Ganey, Freedman and Seitz, Circuit Judges. Ganey, Circuit Judge (dissenting).
James P. Butler, an individual bankrupt, appeals from an order of the district court affirming the referee's denial of his discharge in bankruptcy. A discharge was denied under Section 14(c) (3) of the Bankruptcy Act (11 U.S.C.A. § 32(c) (3)),*fn1 because it was found that the bankrupt, as a corporate executive, caused a bank to loan money to the corporation on the basis of false corporate financial statements. The case arose in the following way.
The Miller & Van Winkle Company, a New Jersey corporation, obtained a $50,000 loan from the Franklin Bank on a demand note personally guaranteed, inter alia, by the bankrupt. The corporation executed an assignment of accounts receivable, supported by invoices falsely showing shipments to customers. Shortly thereafter the corporation went into bankruptcy. Since a balance was still owing on the corporate loan, the bank sued and obtained a judgment against the bankrupt on his personal guarantee. In June, 1965, he filed a voluntary petition in bankruptcy and was thereafter adjudicated a bankrupt. The bank filed a proof of claim for the amount of its judgment, as well as an objection to his discharge.
The referee made, in pertinent part, the following findings:
(1) The assignments of accounts receivable to the Franklin Bank by the bankrupt constituted materially false statements in writing respecting the financial condition of Miller & Van Winkle Company, a corporation.
(2) The Franklin Bank relied on these assignments in extending credit to Miller & Van Winkle Company.
(4) The bankrupt was an executive officer of the corporation within the meaning of Section 14(c) (3) of the Act.
He therefore concluded that the bankrupt should be denied a discharge under Section 14(c) (3). It is not disputed that the district court affirmed solely on the basis of the referee's findings. This appeal followed.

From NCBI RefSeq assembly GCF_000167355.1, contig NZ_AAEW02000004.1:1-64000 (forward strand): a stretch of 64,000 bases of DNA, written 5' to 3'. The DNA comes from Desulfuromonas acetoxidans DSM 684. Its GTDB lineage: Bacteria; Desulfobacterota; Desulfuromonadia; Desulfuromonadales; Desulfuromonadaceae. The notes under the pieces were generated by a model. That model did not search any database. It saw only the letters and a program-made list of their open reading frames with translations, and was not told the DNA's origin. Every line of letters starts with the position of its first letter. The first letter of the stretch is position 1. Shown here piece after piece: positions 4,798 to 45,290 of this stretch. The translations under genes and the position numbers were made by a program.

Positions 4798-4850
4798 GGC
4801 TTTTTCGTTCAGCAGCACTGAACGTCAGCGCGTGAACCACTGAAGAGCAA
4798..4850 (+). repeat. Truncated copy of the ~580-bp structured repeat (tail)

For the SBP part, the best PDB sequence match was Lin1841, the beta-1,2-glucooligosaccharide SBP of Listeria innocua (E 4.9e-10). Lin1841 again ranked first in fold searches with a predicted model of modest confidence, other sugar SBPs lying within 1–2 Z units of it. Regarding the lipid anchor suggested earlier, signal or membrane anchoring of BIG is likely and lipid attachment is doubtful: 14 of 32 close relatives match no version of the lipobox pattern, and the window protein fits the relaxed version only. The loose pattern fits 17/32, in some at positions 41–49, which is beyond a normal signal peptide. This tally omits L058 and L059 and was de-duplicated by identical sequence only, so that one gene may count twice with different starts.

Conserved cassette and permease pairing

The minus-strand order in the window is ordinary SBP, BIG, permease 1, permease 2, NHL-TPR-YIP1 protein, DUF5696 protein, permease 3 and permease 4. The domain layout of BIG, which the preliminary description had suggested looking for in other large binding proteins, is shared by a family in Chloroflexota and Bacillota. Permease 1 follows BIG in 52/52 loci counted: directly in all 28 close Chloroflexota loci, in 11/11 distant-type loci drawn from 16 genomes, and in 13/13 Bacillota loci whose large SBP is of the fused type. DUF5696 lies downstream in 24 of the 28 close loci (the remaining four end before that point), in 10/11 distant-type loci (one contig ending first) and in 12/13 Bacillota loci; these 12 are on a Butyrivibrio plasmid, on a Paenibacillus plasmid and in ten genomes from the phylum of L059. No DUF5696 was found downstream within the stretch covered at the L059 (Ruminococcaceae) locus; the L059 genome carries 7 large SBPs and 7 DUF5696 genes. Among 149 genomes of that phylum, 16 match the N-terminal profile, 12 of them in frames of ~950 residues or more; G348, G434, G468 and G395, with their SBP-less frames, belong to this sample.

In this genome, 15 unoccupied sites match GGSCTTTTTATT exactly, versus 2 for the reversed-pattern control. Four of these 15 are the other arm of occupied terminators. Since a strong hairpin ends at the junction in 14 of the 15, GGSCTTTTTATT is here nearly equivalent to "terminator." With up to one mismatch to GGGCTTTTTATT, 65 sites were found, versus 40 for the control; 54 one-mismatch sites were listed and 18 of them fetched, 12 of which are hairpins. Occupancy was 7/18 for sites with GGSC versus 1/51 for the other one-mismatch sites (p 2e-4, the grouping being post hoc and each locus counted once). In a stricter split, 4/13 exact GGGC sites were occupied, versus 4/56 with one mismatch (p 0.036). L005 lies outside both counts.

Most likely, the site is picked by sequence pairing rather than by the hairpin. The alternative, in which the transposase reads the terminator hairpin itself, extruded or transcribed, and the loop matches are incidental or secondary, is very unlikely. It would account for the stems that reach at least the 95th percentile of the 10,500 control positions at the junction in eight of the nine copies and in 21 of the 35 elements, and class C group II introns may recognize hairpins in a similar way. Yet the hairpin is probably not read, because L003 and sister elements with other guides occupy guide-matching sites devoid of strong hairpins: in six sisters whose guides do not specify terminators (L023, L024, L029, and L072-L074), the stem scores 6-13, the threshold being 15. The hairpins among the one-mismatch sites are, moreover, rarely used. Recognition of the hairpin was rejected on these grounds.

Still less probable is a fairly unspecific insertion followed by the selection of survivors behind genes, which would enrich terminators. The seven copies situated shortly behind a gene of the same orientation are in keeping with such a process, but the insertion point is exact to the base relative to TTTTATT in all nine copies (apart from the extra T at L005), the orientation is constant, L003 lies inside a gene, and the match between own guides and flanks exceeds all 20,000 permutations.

The thrust of this appeal is directed at the correctness of the referee's finding that the bankrupt was an executive of the corporation. We do not decide that question because of the incompleteness of the record in that it does not contain another important finding required to be made by a referee before he may deny a discharge under Section 14(c) (3). That finding would relate to whether the bankrupt can be charged with knowledge of the falsity of the assignment of accounts receivable either by a showing that the bankrupt knew at the pertinene time that the financial statements were false or that he was recklessly indifferent in not knowing. Morimura Arai & Co. v. Taback, 279 U.S. 24, 49 S. Ct. 212, 73 L. Ed. 586 (1929); Schapiro v. Tweedie Footwear Corp., 131 F.2d 876, 878 (3rd Cir. 1942); In re Finn, 119 F.2d 656, 658 (3rd Cir. 1941).
There is a particular need in this case for a finding on the question of knowledge, for running through the bankrupt's appellate brief is a denial that he may be charged with knowledge. Moreover, our examination of the testimony taken before the referee shows that, while his testimony was controverted, the bankrupt explicitly denied knowledge at the pertinent time of the falsity of the assignments or responsibility for their preparation.
Faced with the absence of a finding by the referee in a similar setting, this court sitting in banc ordered a remand to the referee for further hearing and determination. In the Matter of Barbato, 398 F.2d 572 (3rd Cir. 1968). Accordingly, we vacate the judgment of the district court and the order of the referee and remand the case to the referee for a further hearing to determine whether the bankrupt knowingly made or published or caused to be made or published the false financial statements or did so with reckless indifference to the facts. If the parties desire, they should be afforded an opportunity to supplement the record.